Typographic Hierarchy: Caps, Color, and Pairing Typefaces5:21 with Mattox Shuler
To continue on the theme of hierarchy, we’ll look at how you achieve it through color and diverse typefaces. Pairing typefaces may seem tricky at first, but we’ll look at what makes a good combination.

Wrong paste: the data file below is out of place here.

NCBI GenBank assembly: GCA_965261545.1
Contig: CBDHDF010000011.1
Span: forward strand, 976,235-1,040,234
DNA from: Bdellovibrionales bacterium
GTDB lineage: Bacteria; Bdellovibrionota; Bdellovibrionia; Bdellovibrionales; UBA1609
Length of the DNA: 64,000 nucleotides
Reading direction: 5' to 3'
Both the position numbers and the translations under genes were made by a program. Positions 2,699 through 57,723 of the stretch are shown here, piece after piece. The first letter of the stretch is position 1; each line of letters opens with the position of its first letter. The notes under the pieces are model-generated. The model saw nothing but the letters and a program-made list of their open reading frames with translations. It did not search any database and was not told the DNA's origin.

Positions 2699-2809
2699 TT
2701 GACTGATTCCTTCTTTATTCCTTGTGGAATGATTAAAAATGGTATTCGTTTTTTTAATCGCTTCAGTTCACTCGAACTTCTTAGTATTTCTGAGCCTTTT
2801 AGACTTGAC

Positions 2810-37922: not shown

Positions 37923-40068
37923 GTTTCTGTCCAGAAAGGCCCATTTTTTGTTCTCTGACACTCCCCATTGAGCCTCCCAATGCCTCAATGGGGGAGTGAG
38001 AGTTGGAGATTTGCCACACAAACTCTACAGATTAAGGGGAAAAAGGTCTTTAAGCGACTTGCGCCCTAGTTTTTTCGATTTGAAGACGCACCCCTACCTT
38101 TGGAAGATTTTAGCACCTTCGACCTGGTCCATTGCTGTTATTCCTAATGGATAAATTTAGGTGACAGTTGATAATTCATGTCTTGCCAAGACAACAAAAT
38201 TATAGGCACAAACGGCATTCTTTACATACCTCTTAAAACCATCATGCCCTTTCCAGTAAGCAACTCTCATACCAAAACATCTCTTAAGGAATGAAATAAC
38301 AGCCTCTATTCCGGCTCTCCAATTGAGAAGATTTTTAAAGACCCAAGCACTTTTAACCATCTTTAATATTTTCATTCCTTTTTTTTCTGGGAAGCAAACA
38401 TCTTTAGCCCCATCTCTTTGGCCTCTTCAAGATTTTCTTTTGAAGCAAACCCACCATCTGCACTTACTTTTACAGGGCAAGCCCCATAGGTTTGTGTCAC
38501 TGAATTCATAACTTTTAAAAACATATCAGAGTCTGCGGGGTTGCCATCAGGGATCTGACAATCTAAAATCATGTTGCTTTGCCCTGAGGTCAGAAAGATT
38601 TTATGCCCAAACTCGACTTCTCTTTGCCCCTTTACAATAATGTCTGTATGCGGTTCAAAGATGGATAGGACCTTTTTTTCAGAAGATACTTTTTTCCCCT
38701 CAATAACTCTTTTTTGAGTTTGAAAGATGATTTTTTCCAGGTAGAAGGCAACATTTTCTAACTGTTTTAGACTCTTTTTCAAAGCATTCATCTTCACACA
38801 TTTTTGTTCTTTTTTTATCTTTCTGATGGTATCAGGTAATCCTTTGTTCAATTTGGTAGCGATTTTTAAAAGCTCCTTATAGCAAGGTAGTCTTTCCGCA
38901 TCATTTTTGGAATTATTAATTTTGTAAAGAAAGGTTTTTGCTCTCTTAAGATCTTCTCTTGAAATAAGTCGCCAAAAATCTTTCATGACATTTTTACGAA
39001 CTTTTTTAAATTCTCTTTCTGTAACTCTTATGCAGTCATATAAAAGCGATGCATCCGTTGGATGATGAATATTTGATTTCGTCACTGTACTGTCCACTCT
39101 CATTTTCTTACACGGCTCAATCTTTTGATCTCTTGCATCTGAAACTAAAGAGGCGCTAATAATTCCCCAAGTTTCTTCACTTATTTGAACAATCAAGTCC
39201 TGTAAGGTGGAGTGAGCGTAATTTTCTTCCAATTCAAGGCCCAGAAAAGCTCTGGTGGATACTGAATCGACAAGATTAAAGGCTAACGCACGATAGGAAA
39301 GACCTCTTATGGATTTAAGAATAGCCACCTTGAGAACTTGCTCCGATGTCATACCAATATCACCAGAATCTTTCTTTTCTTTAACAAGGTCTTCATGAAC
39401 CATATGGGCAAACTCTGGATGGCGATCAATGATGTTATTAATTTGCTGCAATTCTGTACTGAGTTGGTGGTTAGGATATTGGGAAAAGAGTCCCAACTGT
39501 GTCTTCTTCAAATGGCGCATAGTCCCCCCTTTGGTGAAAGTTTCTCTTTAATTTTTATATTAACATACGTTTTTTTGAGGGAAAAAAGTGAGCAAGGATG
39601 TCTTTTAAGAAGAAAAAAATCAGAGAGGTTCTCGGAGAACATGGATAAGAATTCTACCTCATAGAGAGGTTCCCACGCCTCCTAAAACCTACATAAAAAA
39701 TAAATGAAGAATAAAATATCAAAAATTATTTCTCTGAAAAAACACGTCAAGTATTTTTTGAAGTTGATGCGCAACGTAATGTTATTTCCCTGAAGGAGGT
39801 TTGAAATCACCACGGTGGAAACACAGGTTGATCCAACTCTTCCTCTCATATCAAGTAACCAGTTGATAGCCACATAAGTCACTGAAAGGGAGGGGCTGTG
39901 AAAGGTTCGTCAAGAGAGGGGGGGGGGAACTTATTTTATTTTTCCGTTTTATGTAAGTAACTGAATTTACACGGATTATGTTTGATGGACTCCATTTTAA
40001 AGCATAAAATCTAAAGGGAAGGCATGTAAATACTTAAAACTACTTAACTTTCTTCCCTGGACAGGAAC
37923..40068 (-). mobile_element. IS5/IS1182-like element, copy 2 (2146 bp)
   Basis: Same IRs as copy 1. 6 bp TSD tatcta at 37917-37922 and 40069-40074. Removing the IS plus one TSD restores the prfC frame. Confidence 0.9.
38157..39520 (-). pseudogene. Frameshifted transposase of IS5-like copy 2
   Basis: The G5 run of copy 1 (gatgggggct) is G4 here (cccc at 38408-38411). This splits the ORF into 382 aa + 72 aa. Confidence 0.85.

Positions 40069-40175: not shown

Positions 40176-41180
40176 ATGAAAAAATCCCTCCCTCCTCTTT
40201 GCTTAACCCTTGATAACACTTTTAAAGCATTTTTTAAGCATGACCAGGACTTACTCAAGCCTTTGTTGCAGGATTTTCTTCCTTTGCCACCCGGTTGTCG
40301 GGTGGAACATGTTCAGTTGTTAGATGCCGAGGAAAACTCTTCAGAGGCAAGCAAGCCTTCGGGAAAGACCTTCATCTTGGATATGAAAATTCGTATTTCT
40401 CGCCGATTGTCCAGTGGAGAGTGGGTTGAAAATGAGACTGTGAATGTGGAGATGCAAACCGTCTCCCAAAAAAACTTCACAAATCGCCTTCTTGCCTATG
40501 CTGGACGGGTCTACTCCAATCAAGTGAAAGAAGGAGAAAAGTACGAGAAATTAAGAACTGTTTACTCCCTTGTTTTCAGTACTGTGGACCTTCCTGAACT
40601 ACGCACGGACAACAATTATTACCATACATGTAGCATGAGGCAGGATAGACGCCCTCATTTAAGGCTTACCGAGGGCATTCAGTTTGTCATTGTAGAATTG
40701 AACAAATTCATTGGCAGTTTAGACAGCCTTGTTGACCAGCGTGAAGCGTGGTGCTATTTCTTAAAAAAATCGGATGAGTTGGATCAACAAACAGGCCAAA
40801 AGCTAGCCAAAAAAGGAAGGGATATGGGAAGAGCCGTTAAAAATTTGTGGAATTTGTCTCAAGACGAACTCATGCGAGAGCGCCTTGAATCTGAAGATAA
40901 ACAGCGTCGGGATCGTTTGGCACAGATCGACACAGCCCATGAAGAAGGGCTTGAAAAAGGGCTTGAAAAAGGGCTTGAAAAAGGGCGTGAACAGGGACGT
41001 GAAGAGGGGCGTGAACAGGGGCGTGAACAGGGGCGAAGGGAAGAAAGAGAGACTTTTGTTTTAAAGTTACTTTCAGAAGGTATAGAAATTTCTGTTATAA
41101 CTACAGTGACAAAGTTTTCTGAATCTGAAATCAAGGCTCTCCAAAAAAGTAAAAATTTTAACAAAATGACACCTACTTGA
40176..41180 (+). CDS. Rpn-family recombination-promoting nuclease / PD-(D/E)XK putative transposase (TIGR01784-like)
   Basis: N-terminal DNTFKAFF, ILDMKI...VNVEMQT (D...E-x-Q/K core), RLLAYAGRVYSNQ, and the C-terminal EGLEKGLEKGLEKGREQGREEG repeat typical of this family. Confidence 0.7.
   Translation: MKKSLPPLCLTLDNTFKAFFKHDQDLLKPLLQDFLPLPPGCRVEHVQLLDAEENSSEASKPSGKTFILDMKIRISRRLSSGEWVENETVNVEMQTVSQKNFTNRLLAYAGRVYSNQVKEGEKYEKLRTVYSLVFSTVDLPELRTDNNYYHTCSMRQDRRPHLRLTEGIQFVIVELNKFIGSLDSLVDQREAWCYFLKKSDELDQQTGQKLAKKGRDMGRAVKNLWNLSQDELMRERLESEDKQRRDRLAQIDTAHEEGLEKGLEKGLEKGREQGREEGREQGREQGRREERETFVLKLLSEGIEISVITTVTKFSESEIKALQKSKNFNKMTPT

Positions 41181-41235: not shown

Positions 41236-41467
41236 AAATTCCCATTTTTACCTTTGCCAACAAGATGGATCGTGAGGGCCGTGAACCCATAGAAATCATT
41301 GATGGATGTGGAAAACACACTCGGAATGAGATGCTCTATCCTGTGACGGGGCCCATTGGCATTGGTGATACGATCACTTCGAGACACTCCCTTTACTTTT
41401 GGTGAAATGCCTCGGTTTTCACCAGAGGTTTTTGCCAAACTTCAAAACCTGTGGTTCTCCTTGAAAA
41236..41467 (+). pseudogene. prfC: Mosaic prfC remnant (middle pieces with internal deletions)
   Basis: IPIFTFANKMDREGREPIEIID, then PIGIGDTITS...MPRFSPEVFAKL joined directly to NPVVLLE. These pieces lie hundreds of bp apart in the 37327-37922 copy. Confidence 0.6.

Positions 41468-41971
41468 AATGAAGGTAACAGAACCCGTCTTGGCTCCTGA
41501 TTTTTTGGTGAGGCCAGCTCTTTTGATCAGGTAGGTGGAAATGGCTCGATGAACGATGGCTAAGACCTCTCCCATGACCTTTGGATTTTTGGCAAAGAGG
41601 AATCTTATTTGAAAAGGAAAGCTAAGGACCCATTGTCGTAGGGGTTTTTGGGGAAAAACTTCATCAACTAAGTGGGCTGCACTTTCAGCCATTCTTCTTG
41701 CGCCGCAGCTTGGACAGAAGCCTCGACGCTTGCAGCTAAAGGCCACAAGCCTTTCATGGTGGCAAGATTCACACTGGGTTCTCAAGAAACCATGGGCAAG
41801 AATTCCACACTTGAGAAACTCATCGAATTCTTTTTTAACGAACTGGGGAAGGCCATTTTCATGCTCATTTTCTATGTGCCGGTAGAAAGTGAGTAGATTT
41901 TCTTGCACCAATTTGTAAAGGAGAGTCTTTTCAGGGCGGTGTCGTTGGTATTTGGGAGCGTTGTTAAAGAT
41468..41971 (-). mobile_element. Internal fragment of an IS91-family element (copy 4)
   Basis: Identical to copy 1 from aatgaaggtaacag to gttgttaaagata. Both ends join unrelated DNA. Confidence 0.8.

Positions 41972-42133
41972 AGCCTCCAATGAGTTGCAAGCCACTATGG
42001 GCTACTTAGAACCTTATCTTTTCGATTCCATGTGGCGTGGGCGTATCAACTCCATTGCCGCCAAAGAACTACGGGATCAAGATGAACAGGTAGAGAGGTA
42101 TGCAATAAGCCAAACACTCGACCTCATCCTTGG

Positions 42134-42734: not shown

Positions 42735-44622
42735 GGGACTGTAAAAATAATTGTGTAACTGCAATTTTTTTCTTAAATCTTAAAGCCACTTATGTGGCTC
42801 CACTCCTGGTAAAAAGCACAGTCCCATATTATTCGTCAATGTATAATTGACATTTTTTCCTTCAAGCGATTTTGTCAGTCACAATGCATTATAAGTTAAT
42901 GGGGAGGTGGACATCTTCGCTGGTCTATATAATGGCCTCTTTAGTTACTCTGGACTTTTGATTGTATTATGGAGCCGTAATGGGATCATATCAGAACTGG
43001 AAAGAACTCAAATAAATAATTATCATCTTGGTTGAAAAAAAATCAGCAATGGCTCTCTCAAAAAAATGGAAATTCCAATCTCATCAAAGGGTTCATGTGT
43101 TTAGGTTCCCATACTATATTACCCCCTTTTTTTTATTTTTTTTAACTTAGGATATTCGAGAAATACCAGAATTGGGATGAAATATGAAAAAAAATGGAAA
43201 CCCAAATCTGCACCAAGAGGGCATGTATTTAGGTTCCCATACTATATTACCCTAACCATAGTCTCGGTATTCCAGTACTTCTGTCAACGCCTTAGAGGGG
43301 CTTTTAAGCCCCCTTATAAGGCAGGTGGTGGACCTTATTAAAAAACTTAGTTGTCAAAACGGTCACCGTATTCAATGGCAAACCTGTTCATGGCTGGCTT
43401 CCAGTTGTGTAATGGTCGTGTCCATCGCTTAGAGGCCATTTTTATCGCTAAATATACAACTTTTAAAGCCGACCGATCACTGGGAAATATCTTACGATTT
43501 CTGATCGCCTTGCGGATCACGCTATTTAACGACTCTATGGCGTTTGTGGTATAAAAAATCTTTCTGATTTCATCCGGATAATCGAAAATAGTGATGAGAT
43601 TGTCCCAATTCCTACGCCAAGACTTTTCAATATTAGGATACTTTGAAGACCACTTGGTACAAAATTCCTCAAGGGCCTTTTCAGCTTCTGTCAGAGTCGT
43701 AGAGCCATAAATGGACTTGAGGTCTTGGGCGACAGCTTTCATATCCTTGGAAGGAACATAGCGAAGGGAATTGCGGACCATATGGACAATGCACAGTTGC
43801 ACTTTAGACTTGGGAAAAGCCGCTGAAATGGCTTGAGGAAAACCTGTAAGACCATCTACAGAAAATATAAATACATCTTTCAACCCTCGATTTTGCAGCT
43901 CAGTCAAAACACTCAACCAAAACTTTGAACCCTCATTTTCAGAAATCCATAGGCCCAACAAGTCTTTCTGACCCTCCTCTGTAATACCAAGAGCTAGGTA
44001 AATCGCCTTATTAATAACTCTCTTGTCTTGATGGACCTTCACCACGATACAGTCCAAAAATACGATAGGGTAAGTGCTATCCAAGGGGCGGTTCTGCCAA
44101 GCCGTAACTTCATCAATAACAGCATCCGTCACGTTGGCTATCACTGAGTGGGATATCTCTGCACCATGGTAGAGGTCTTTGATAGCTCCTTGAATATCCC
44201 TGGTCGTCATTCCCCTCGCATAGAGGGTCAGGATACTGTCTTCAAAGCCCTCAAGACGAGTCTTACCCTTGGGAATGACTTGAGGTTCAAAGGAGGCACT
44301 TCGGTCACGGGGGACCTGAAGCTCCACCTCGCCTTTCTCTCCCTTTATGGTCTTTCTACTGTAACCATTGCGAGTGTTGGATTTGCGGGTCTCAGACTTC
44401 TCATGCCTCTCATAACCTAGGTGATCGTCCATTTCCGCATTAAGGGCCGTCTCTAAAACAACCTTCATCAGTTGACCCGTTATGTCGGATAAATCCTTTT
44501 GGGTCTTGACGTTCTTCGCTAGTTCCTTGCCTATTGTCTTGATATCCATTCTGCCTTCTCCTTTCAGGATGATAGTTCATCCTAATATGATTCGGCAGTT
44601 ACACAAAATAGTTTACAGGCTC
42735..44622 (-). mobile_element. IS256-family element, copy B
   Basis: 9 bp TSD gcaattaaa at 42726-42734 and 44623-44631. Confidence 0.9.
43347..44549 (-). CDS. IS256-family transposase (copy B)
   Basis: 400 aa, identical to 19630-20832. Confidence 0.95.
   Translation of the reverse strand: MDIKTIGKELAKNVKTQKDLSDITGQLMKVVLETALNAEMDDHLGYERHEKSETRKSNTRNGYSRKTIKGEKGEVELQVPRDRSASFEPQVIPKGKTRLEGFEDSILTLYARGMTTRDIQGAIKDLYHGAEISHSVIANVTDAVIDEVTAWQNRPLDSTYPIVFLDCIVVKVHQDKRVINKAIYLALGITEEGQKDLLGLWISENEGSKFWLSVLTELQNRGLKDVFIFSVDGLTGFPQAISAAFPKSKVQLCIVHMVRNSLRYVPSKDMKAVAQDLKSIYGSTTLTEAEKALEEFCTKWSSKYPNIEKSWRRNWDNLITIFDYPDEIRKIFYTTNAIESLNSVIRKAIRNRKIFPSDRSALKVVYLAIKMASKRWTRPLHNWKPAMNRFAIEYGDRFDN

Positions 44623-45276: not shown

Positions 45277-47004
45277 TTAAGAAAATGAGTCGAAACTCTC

We just looked at how to create typographic hierarchy through weight, 0:00 style, size and position. 0:04 Now we'll continue on with that scheme, 0:06 seeing how we can accomplish it through caps, color and pairing. 0:08 First, let's talk about caps or uppercase and small cap characters. 0:13 Think about an email or text message that you received that was in all caps. 0:17 That probably felt like someone was either declaring something important or 0:21 shouting at you. 0:25 Setting type in capital letters can create emphasis, authority or 0:26 hierarchy in your design. 0:29 If you overuse them, or commit the hideous crime of saying all your body copy in 0:31 them, then legibility and readability will be seriously compromised. 0:36 They're best used in small doses, like short headlines, or 0:40 a title, or in the navigation to give it an official look. 0:44 Let's go back to our workspace and 0:47 set the title of our site to be in all caps to give it some authority. 0:49 I'll head over to our CSS, and to do that, we'll set our h1. 0:53 To have a text transform property of uppercase. 0:57 We'll save that and check it out. 1:03 Great. 1:06 I like how that's looking. 1:06 Also, notice how I didn't write The War of the Worlds in all caps in our HTML. 1:08 I simply left it as it was. 1:13 It'd be bad practice if I did that, so always style your all caps or 1:15 uppercase through your CSS. 1:18 We can also use small caps to spice up and add hierarchy to a design. 1:21 They're a little less in your face than all caps. 1:25 In case you're not familiar with small caps, they look like upper case characters 1:28 created near a lower case size, often slightly above the x-height of a typeface. 1:32 They're not just scaled down versions of the upper case. 1:37 Their weight and spacing has been finessed to match the overall font. 1:40 If your type face doesn't have a small caps version, 1:45 then CSS has the ability to fake it with the font variant property. 1:47 But, like faux weights and styles, it isn't very pretty. 1:52 I would not recommend using that property, if at all possible. 1:55 Small caps are also used for abbreviations like CSS or W3C. 1:59 Official titles, like The President of the United States. 2:03 Headings, like the title for a post. 2:08 Or the opening line of a book chapter or blog article. 2:10 They work great with upper case and 2:13 lower case letters, along with old style figures. 2:15 They also flow well and body copy because of 2:18 their less obtrusive nature due to their height being closer to the x height. 2:21 Let's see them in action on Jessica Hische's site. 2:26 She uses small caps to great avail as she denotes the categories showcasing her 2:30 recent work. 2:34 Then, on our articles, she uses them to introduce the line under the heading. 2:35 And she also adds a nice drop cap element here to give a good style. 2:39 The good news is, we've chosen a type face with small caps. 2:43 If we type in Alegreya on Google fonts, we see below our regular version, 2:47 we have Alegreya SE, or Alegreya small caps. 2:51 I want add this to our collection and click use. 2:55 I only want the normal version of the type face so we wont slow down page load time. 2:58 If we were self hosting these fonts then we could save page load time by 3:03 subsetting the small caps web font to only have the small cap characters. 3:07 That way, we're not wasting space by loading duplicate characters like caps, 3:11 numbers and symbols. 3:16 But since we are loading it through google fonts we have to use what they've 3:18 already provided. 3:21 So, I'll scroll down and we'll grab the link and 3:22 paste this into the head of our HTML right above our style sheet. 3:25 And notice I've already set up some spans with classes of 3:30 small caps to these intro lines underneath our headings. 3:33 Now, we wanna head over to our CSS and set up that small caps class. 3:37 So, let's head over to Google and grab the code that we would want for 3:41 the font family. 3:46 We'll paste that into our small caps area. 3:48 And then, here, I'm gonna write Alegreya as a fallback. 3:50 And then, Georgia, as a fallback. 3:55 [BLANK_AUDIO] 3:58 If we had subset our font to only have small cap characters, then 4:01 this fallback would also guarantee the non small cap characters would load correctly, 4:05 from the regular version of Alegreya. 4:11 Let's save and check it out. 4:14 yeah. 4:19 So, that's startin' to jive well. 4:20 I really like how that's looking here and here. 4:21 It's giving it a really nice vibe. 4:24 Let's take a hint from Jessica Hische's site and 4:26 add a drop cap to our first letter here. 4:29 We'll head back to our CSS. 4:32 And notice in our html I've already set up this span class with a drop cap for 4:34 just that first letter n. 4:38 So in our style sheet we can go in and style out that drop cap class. 4:40 So I'll give it a font size of 5.4 m so it's a bit bigger. 4:45 A display of black. 4:48 Float it to the left. 4:52 Give it a width of .8 so it'll have some good space around it and 4:54 a height of .7 m and then a line height of .8 and a margin of zero. 4:57 Lets go check out what that looks like. 5:05 When i refresh we see our drop cap is now in action and is looking great. 5:07 Notice how it aligns with the top of the text and the third line's base line. 5:11 But it's now the biggest piece of type on the page. 5:15 Don't worry, that'll soon change. 5:19
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